Primates: The Fearless Science of Jane Goodall, Dian Fossey, and Biruté Galdikas
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About the Author
Jim Ottaviani has written nonfiction, science-oriented comics since 1997, notably the #1 New York Times bestseller Feynman and Fallout, which was nominated for an Ignatz Award. He has worked as a nuclear engineer, caddy, programmer, and reference librarian. Primates is his first collaboration with artist Maris Wicks. He lives in Ann Arbor, Michigan.Maris Wicks lives in Somerville, Massachusetts. She has used her opposable thumbs to draw comics for Adhouse Books, Tugboat Press, and Spongebob Comics and has written stories for Image and DC Comics. When Maris is not drawing comics, she can be found prepping slides for her collection of vintage microscopes. She is an avid tool user and is particularly fond of bananas.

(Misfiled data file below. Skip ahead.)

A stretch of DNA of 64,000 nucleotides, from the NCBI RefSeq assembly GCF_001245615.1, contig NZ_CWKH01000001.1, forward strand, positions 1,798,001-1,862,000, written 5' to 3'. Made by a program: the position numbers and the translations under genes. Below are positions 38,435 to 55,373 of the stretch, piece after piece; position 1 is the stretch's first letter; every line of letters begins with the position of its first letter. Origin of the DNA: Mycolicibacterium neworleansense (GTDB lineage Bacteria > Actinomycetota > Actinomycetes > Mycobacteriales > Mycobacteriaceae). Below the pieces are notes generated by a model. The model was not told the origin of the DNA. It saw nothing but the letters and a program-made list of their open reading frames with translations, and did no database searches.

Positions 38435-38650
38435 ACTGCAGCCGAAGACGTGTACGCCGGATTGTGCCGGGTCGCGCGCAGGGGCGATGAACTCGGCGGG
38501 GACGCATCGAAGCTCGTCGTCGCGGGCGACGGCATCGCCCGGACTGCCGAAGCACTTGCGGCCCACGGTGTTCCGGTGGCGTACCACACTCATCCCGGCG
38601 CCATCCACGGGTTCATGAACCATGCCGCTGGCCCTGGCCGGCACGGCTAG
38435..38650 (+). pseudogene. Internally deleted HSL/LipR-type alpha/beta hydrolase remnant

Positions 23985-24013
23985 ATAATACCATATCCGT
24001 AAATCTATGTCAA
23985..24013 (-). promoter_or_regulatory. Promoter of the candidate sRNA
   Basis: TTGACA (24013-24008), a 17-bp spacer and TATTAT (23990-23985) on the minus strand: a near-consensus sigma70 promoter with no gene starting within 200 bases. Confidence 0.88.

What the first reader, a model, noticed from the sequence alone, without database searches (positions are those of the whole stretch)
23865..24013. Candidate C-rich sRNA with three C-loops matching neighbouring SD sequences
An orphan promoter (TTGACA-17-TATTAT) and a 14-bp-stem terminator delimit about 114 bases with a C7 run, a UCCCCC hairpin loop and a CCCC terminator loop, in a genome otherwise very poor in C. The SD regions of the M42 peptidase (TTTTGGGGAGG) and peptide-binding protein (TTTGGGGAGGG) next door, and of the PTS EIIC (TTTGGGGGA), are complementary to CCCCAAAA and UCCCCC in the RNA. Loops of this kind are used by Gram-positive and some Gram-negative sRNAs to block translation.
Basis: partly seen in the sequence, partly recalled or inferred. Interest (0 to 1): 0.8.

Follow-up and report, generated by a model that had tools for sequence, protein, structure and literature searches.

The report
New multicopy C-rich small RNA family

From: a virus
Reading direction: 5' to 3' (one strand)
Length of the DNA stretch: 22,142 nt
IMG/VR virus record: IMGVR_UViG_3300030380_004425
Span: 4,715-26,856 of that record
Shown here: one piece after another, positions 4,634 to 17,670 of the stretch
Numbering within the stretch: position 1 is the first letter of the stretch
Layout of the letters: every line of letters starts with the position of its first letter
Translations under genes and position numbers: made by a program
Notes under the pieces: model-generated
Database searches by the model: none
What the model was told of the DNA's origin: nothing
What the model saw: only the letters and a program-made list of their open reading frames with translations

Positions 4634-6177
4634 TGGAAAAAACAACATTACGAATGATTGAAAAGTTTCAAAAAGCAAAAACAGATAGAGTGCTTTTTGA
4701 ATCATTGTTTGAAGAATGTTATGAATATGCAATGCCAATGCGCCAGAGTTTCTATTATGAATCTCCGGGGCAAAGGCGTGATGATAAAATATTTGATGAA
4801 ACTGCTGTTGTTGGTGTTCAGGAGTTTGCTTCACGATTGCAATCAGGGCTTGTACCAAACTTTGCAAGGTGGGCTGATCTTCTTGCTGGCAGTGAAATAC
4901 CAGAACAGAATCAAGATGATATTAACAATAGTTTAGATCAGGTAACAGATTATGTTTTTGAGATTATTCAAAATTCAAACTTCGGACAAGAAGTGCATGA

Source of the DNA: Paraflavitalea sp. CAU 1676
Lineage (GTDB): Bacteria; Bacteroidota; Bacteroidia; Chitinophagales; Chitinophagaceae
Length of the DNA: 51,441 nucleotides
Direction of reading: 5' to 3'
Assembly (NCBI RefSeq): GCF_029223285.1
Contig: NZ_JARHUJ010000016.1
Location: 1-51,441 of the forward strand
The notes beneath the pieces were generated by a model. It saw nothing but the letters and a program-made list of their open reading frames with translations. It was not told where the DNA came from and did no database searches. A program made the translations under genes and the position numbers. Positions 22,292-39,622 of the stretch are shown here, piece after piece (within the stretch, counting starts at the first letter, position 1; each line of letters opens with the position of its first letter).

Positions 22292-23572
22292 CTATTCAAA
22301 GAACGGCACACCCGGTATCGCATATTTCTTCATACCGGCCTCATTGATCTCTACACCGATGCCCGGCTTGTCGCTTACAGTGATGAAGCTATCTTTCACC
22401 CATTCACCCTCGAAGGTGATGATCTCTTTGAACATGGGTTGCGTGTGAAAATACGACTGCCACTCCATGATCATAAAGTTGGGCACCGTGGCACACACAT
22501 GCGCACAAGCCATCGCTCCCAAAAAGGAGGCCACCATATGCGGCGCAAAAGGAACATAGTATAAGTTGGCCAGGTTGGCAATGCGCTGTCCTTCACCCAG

"An accessible introduction to Goodall's, Fossey's and Galdikas' lives and work." --Kirkus Reviews"A graphic format admirably propels this lightly fictionalized group biography." --The Horn Book "Presented as dedicated, iconoclastic, and profoundly in awe of the creatures around them, Goodall, Fossey, and Galdikas are inspiring figures, and Ottaviani does a first-rate job of dangling enough tantalizing tidbits to pique readers' interest in the topic." --Booklist "The story of how each of these women loved primates and lived among them to study their behavior is compelling, and might inspire a whole new generation of scientists to follow in their footsteps." --School Library Journal "This is an inviting introduction that will undoubtedly lure many readers into further investigation of this groundbreaking fieldwork." --BCCB "[Ottaviani and Wicks] succeed in conjuring the feel of extraordinary science. And they do so not by manufacturing fake emotion, but by sticking to the reality of being a scientist--the hard punishments of fieldwork, the strains on marriage, the cocktail-party diplomacy back home and, most important of all, the elation of discovery. Especially in its portrayal of this final element, Primates is the kind of book that can produce new scientists." --Carl Zimmer, The New York Times Book Review "Ottaviani succeeds in capturing their hard work and the thrilling breakthroughs during years of research, without looking away from some of the darker details, such as Leakey's womanizing. Wicks's cartoony illustrations are a great match for the story; they never get bogged down with unnecessary details and briskly move forward the account of the women and their subjects. A riveting, jargon-free overview of one of the great stories of animal research." --Publishers Weekly "Readers are given a first-person glimpse into Jane's passion for chimps, Dian's determination to protect the world's gorillas, and Birute's enthusiasm for orangutans. The art is simplistic, yet powerful, with interesting details about the scientists' introductions to life with and the study of primates. . . . Primates is an intriguing introduction to three female scientists who changed the way the world defined 'human.'" --VOYA